commuting.in - Commuting In Chicago - CTA Bus Commuting Perfection
Personalizable bus schedule web app; iphone-friendly. Another application made possible by RAW DATA NOW.
chicago  transit  rawdatanow 
april 2009 by ianmclaury
Great Lakes Law: Legislature approves privately-funded light rail for Detroit
Light rail down Woodward -- the missing link between the Amtrak station and everything else (WSU, DIA, Comerica, downtown)
detroit  transit  commuter  amtrak 
april 2009 by ianmclaury
Great Lakes Law: Car free in the Motor City - riding the rails from Ann Arbor to Detroit
Amtrak from Ann Arbor to Detroit -- an almost-practical solution for commuting to WSU.
detroit  amtrak  transit  annarbor  via:a2chronicle 
april 2009 by ianmclaury
Lessons from DC Metro and BART - Seattle Transit Blog
Seattle considers whether to emulate BART or the DC Metro: "BART serves the suburbs. Metrorail serves the suburbs and the urban core. BART saves money by using existing rights of way; Metrorail maximizes ridership by puting lines where the transit demand is. BART stations are where the cars are; Metrorail stations are where the people are."
transit  train  subway  sanfrancisco  washingtondc  seattle  urbanplanning 
march 2009 by ianmclaury
The Goodspeed Update » Information Design and Public Transit
Good and bad designs for bus maps and schedules in the metro DC area. AATA hews mostly to the bad. (16 month old post, but still relevant to AATA anyway; dunno about DC. See also comment by Ed Vielmetti on mobile.theride.org. Also, the stem and leaf schedule design would work great on a mobile phone, perhaps including arrival time data.)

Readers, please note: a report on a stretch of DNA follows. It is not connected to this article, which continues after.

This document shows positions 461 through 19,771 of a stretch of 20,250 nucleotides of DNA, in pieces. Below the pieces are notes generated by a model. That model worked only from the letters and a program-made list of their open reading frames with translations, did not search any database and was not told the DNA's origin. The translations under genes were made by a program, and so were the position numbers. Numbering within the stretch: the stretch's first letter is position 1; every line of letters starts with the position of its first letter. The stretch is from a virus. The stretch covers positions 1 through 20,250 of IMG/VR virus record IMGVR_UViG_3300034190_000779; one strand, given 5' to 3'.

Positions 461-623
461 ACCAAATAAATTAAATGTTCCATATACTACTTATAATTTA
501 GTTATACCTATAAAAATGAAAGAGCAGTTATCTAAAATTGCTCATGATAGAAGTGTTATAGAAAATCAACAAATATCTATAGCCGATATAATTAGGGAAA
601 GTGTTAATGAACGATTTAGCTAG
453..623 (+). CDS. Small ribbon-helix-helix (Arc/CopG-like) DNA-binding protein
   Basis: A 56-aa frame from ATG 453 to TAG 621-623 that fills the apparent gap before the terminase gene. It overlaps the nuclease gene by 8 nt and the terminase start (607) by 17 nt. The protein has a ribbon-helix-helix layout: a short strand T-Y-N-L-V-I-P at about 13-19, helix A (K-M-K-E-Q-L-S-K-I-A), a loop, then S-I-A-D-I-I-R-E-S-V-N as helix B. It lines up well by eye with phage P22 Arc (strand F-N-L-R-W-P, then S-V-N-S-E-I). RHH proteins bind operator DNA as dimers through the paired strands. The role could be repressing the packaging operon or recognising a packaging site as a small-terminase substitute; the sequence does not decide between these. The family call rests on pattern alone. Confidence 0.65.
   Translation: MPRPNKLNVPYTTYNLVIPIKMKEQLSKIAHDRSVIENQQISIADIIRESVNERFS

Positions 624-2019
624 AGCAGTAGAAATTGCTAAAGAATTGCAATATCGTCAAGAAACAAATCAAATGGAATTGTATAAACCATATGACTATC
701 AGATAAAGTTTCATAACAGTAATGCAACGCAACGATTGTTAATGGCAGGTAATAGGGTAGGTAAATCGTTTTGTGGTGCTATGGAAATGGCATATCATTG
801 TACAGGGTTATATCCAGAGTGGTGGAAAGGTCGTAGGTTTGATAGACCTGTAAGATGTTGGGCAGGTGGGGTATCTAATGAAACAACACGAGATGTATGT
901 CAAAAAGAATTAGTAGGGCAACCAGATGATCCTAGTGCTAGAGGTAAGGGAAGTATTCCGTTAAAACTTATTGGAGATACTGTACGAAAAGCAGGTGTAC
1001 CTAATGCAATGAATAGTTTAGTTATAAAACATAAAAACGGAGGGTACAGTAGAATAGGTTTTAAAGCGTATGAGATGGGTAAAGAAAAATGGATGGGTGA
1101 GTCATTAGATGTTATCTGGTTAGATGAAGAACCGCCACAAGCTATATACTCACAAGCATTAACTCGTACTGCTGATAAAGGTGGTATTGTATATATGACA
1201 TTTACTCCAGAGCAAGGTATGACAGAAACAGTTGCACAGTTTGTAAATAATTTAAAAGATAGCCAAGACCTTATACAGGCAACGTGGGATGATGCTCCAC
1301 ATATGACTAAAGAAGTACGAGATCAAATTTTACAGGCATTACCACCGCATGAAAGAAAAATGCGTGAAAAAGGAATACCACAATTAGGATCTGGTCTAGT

design  graphics  transit  bus  aata  tufte  via:yglesias  washingtondc  goodspeed  cynicalideation 
january 2009 by ianmclaury
Kevin Drum: Walkability
Explains why, according to Joel Garreau's Laws of FAR, why economics doesn't favor the development of walkable exurbs: basically because an urban area can't get dense enough for transit and hence walkability without first going through a period of traffic snarls. But the point at which the traffic snarls is not yet dense enough for transit and walkability, so instead of building light rail, people just expand to another exurb.
urban  walkability  transit  density  development  suburbs 
september 2008 by ianmclaury
Google Transit Feed Specification - Google Code
Transit agencies prepare a GTFS file and hand it off to Google, which checks it periodically. This page is all about what's in that GTFS file.

- so, where is the AATA feed?
transit  feed  googletransit  bus  transportation  google  reference  aata  via:vielmetti 
september 2008 by ianmclaury